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Troubled Inheritances in R. L. Stevenson’s Kidnapped and Conan Doyle’s “The Adventure of the Priory School”

Chapter
Part of the Geocriticism and Spatial Literary Studies book series (GSLS)

Abstract

In “Mr. Stevenson’s Methods of Fiction” (The National Review, January 1890), Conan Doyle commended his contemporary’s The Master of Ballantrae (1889), while surveying his short stories and novels to date. Conan Doyle traces the shadow of George Meredith on Stevenson’s writing, demonstrating how effectively Stevenson employs a number of stylistic devices, including adjectives, similes, and repetitions; examines the concision and concentration of his prose style; and shows how he progenated, in characters including Hyde, Pew, Black Dog, and Long John Silver, the mutilated villain. In this chapter, I begin by analysing Conan Doyle’s claims about the form and content of Stevenson’s fiction. Conan Doyle recognises the modern masculine novel, which Stevenson’s exemplify, as a “reaction against the abuse of love in fiction” (652). Taking Conan Doyle’s observation as a point of departure, I argue that the writers’ concerns regarding inheritance are closely married to the form of their works. I juxtapose Stevenson’s Kidnapped (1886) and Conan Doyle’s “The Adventure of the Priory School” (1904), two stories whence inheritance plots are frustrated by abduction ones, to explore their understandings of legacies.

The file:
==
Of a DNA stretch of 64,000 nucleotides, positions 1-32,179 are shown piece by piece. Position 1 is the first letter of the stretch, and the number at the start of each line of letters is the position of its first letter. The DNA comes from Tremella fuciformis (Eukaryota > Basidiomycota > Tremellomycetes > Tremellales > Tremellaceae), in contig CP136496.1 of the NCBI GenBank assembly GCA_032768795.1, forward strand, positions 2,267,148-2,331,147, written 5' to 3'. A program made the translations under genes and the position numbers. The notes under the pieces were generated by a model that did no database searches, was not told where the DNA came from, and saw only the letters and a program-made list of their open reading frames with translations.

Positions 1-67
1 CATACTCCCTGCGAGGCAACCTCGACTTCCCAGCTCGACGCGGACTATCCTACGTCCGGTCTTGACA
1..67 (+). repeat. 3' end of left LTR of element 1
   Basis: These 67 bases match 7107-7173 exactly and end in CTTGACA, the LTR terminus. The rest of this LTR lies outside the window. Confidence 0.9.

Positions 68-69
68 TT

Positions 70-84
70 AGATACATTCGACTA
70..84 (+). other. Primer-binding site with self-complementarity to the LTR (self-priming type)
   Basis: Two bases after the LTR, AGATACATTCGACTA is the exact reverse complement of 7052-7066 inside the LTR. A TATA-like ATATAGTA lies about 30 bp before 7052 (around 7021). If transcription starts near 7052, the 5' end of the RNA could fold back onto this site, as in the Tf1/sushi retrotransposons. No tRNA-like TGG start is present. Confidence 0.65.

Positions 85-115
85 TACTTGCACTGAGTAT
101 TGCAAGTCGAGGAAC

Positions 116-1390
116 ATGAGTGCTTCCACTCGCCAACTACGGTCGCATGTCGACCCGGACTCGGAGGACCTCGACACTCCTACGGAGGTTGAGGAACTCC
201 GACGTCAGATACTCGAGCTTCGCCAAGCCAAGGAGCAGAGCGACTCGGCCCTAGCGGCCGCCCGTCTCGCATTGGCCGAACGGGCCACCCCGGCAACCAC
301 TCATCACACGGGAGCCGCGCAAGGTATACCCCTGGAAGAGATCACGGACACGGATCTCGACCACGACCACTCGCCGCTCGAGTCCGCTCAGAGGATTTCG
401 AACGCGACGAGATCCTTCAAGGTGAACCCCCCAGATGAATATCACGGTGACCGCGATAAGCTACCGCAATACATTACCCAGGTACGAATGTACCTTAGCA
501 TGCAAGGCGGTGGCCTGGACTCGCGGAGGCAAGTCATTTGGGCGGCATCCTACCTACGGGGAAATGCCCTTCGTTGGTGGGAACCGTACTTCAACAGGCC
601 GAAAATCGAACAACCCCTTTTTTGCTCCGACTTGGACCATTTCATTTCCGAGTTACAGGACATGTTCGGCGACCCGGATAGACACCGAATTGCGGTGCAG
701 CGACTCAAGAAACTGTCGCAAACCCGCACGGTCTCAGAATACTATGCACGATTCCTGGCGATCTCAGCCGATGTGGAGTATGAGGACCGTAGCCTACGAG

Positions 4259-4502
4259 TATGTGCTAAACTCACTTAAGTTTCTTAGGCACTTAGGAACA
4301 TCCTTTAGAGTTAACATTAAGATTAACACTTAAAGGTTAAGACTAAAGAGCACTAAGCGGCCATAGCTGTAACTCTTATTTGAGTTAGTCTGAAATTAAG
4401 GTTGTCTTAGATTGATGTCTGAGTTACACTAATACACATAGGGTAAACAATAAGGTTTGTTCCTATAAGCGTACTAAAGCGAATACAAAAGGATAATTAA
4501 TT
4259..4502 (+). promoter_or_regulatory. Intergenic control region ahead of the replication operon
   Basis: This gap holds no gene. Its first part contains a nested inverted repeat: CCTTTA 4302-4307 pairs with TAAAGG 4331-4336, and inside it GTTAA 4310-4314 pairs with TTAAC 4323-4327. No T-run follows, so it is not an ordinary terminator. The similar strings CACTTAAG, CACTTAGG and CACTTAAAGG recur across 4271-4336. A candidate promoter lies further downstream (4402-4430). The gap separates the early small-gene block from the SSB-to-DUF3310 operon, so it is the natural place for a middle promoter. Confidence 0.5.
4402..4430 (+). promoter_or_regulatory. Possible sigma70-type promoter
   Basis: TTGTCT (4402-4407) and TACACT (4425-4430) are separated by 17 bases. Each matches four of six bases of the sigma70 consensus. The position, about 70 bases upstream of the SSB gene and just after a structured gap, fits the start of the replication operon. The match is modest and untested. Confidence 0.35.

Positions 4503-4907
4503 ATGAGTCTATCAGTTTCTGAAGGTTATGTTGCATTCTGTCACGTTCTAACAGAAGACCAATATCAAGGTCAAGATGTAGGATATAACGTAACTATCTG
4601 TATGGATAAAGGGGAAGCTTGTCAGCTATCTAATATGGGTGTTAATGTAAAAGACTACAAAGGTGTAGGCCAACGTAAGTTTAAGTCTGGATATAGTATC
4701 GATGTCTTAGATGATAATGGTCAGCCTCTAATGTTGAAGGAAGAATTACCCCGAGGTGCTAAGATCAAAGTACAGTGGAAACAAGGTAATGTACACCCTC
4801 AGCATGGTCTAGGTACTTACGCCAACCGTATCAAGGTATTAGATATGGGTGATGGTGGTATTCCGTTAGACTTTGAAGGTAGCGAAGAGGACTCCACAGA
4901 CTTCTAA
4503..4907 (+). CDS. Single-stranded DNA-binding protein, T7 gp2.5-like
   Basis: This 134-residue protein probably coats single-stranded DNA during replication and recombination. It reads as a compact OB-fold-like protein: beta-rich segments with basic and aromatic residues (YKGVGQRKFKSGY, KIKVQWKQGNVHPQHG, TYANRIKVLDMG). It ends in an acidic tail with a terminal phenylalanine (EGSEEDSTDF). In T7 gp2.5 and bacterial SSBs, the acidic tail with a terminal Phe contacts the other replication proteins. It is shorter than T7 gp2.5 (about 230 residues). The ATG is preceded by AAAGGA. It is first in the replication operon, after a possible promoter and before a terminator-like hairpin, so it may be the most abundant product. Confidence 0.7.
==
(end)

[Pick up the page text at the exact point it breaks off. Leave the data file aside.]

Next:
Notes

Acknowledgements

I am enormously grateful to Noel Brown, John James, Monika Szuba, and Julian Wolfreys for their incisive reading and productive interlocution, and to my students at Dalhousie University and the University of Toronto Scarborough, with whom I have discussed a number of Conan Doyle’s works. I thank Christine Bolus-Reichert, Ian Duncan, Daniel Stashower, and Simon Stern for their help and encouragement and, for their assistance, Lindsay McNiff, Frank Tong, and the staff of Dalhousie University Libraries and the University of Toronto Libraries. This paper was written with the support of Dalhousie University, the Social Sciences and Humanities Research Council of Canada, and the University of Toronto Scarborough.

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Copyright information

© The Author(s) 2019

Authors and Affiliations

  • Tom Ue
    • 1
  1. 1.Dalhousie UniversityHalifaxCanada

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